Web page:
Things should sprout more quickly in summer, but this is Caithness and August may be warm during the day but cool--dangerously, cool in the evenings. At least dangerous that is if you are a wee seed. So after the first too cold evening, I put a bit of bubble wrap around the pot where lettuce was waiting on the deck.  And they have now obligingly sprouted--cause and effect or coincidence? Who can say. That's gardening for you.
 The idea of course is that the bubble wrap allows the pot to hold onto the heat accumulated during the day.
The bubble wrapped lettuce is sitting right next to Last Chance courgette (next year courgettes will be grown indoors for sure!) and the Happy Go Lucky mint, which just loves being out of the pot the store had it in.
Can we manage a courgette before the weather clobbers us? Will the bubble wrap and south -facing deck be enough to get the lettuce to leaf-size? Tune in later to find out!

Thursday, August 08, 2013

First Fruits

A handful of black currants seems like quite a bounty since last year any berries were snarfed by the birds, but it does pose a culinary challenge.  What do you do with only a handful of the roly poly tart little treasures?

I chose to lightly cook them by pouring just enough water from the kettle to cover them. Yesterday I had talked with folks who know a great deal more about black currants than I do, so I waded in with a little bit of knowledge. The skins gave way, as I was told they should if they were properly ripe, and the water turned properly purple, so then came the question of how much sugar?

One timid tablespoon full did not make a dent on their purpling sourness.  I hopped around the kitchen after my first tentative taste and heaped in another tablespoon.

Then I boldly added some porridge, some  raspberries, and some leftover brown rice--hey presto a quasi crumble rice pudding.

Tuesday, August 06, 2013

Question for a Sunny Day

 My Mondays as gardener's apprentice always give me lots of answers and at least a few more questions. As we dug and talked and browsed seed packets and talked about Square Metre Gardening (the book and the ideas) and economics of starting seeds, the question arose: How much gardening does it take to make an impact on the food budget?

I have lovely herbs. I made an omelet aux fines herbes--or my own backyard equivalent of that-- this morning, but what to do with the rest of them? Oh, pesto for my basil and more walking out with my tomatoes and parsley in the protected area reliably offers itself up through most of the dark season, but drying it? Putting it in ice cubes? Trading it to friends? Giving it as pressies?  I have the luxury of not having to justify it economically, and I must never forget that is a luxury. If I am in earnest about becoming more veg-independent, do I sacrifice my land-hungry herbs or make them pay their way?

One of the things I liked about Square Metre Gardening was his matter of fact ness when considering how much of something to plant--'how much did you buy at the grocery store last week?' He uses it of course to justify his own approach to gardening--more little and often than traditional long rows all getting ripe at the same time. I wholeheartedly agree.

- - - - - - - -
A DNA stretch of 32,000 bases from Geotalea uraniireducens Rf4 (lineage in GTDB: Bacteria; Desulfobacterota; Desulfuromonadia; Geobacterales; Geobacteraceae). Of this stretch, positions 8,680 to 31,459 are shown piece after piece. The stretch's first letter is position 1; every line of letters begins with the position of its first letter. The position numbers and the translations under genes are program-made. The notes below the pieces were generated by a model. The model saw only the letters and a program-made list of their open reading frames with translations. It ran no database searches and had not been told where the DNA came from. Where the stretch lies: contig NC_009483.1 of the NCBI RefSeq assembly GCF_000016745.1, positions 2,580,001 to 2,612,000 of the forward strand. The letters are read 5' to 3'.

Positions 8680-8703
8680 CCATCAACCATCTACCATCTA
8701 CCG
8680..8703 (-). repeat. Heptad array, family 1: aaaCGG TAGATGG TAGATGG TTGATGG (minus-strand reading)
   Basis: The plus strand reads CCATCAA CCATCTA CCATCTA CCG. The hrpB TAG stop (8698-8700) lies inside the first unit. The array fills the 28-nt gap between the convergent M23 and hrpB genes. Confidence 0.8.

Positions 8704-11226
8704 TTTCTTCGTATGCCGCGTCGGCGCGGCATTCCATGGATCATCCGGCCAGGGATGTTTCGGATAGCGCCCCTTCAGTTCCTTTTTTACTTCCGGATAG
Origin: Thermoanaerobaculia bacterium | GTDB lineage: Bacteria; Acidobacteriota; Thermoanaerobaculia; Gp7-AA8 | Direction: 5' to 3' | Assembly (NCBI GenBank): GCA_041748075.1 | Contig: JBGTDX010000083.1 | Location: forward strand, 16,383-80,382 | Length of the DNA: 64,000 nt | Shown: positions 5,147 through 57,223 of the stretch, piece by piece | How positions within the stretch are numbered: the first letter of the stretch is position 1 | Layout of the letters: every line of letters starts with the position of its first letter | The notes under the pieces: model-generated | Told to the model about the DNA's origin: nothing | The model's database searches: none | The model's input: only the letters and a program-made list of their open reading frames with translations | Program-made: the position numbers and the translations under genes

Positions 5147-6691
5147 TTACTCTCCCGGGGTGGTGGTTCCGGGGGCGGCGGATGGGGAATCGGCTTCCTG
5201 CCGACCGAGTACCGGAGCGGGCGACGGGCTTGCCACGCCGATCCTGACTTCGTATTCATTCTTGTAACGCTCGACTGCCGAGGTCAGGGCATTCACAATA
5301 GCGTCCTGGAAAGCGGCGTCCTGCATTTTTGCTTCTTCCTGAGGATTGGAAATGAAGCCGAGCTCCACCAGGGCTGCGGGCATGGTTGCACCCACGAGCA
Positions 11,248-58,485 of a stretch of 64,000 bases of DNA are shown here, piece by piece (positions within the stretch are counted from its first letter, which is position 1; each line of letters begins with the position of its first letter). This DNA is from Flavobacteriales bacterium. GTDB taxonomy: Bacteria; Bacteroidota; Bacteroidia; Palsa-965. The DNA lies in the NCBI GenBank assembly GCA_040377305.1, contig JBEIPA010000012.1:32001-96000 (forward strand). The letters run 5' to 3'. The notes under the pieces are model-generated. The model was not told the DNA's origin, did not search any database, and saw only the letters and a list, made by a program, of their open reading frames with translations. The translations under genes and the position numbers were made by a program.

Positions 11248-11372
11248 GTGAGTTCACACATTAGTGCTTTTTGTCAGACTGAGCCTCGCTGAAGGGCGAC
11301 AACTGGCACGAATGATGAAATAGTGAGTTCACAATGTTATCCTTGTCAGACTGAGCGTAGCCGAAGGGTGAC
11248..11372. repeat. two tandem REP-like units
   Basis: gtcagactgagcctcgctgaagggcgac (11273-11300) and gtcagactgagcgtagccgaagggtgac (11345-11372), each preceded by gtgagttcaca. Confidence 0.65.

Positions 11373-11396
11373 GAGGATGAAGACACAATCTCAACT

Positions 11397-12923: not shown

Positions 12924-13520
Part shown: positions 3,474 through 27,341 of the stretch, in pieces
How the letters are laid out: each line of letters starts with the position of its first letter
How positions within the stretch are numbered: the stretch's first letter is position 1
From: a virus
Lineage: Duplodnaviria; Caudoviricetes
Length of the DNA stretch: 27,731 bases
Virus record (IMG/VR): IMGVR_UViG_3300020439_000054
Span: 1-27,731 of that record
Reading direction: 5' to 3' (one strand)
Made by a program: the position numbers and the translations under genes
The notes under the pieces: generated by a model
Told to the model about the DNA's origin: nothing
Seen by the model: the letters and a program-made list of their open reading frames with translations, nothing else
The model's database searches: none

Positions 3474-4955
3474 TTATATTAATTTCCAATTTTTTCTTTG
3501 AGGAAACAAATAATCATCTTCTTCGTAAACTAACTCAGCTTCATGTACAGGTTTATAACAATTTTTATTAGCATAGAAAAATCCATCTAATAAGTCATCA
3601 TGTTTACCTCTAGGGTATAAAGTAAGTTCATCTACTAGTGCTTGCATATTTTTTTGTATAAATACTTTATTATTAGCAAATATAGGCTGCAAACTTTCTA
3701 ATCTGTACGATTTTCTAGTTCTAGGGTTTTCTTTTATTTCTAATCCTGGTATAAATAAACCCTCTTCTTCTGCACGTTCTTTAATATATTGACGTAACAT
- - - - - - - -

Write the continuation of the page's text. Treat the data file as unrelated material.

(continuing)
He argues that there are three seasons to a veg garden, which may be true down south, but I think even with polytunnels or lights up here that is unlikely. I wish it were not so, but living with the seasons is something every gardener has to come to grips with no matter where they dig their patch.

So for the moment discounting the three seasons, Square Metre Gardening says that one square metre provides enough salads for one person. Another square metre bed provides sufficient veg. He divides the metre bed into 9 squares and takes advantage of companion planting and successional planting--cool weather crops are replaced by warm weather crops and so on, including possibly some crops that overwinter such as garlic. If true, that would make a significant impact on a food budget.

The author alleges that you neeed not be a gardener to do this method--once it is set up--and setting it up is easy. I agree and I am an enthusiastic supporter. Now having read the philosophy behind it I understand better some of the things my daughter learned in her community garden workshops that are counter to what gardeners learn, most notably using only 6 inches of soil in a special water-retention mix of his own design. I have seen the benefits of such gardening in action in Chicago.

Now back to the question of an impact on a family budget.  I would love to have some friends of mine trial it. I'll get the beds made and set them up and buy the seeds and even help with the planting out. I'm mooting this idea now for next year because we cannot properly plant out now. (Though we can start our own compost for next year's soil).

I gave my tomatoes--full of blossoms and green tomatoes living the good life in the sun room--a dose of  Tomorite today because I have felt in the past couple days a decided shift into autumn. The days have been shortening since May, but we do not speak about that. The heather is in riotous bloom--a bit early but welcome nonetheless--but today I found one of those giant cobwebs stretching across plants and I take that as a sign of autumn. It is the beginning of the end of the active growing garden season and the beginning of the time to plan.